2. Continue to deepen the relationship with China within the Shanghai Communique Organization, cooperating on Eurasian transport infrastructure to establish the common market Putin envisions extending “from Vladivostok to Lisbon.” Eurasia is most of the world, sixty percent of its population and a fourth of its land space. Japan just signed a treaty creating a common market with the EU; this was its response to Trump’s rejection of the Trans-Pacific Partnership. East Asia is already connected to Europe and the trans-Pacific market will one day be rivaled by a Eurasian market.

3. State clearly that NATO is unnecessary and indeed dangerous. Take advantage of the fact that candidate Trump questioned it. Use concrete examples. Ask Hungary: Why did you join in 1999—just as the U.S. and NATO were completing the destruction of Serbia—and what have you gotten from it other than economic damage when you’re forced to observe sanctions on Russia? Haven’t the sanctions cost the Hungarian economy over $ 10 billion? Hasn’t the Hungarian foreign minister protested the sanctions, saying they don’t work?

A recent poll in Hungary show 41 percent of the respondents felt NATO no longer important and a waste of money. The figures for Poland, the Czech Republic and Poland (which joined in a cluster in 1999, expanding the alliance after the Cold War) are similar.  67% of Hungarians agree that, “Current security threats are not serious enough to justify increased defense spending. The resources should instead be used for things like pensions, healthcare, and education.” Majorities in the Czech Republic and Slovakia agree. Encourage such rational sentiments during the time of Trump.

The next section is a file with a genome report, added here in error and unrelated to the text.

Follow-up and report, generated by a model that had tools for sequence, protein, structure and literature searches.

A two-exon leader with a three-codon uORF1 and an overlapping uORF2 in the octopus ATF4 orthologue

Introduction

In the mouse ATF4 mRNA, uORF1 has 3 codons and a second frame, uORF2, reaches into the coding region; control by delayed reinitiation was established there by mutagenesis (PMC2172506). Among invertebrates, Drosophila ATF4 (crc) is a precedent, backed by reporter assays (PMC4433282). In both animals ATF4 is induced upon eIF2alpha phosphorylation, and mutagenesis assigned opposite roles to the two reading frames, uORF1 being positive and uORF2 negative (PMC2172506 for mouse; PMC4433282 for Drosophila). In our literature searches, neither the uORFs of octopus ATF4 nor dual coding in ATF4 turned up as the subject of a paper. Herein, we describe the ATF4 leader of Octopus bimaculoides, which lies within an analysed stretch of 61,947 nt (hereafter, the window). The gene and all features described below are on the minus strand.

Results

Merkel told Germans after the G-7 summit, “The era in which we could fully rely on others is over to some extent. That’s what I experienced over the past several days. We Europeans truly have to take our fate into our own hands — naturally in friendship with the United States of America, in friendship with Great Britain, as good neighbors with whoever, also with Russia and other countries. But we have to know that we Europeans must fight for our own future and destiny.” Yes!

After Trump pulled out of the Iran Deal, European Council Donald Tusk condemned Trumps “capricious assertiveness” and declared: “Looking at the latest decisions of President Trump, someone could even think with friends like that who needs enemies. But frankly speaking, Europe should be grateful to President Trump, because thanks to him we have got rid of all illusions. He has made us realise that if you need a helping hand you will find one at the end of your arm.” Yes!

4. Continue the international effort to suppress ISIL, al-Nusra (al-Sham) and their allies in Syria, insuring the survival of a secular state (as opposed to a Gulf-funded Sunni sharia state). Carefully handle the contradictions between Turks and Kurds, Turkish-backed opposition groups and the Syrian Arab Army, Iranian and Hizbollah forces and Syrian Arab Army; U.S. forces and the Syrian Arab Army etc. Urge the U.S. forces to leave the country, as they are illegally there in the first place. Tell the Saudis their side has lost and they need to back off. Enhance the existing security cooperation with Iraq and compete for influence the country where the U.S. is extremely unpopular for obvious reasons.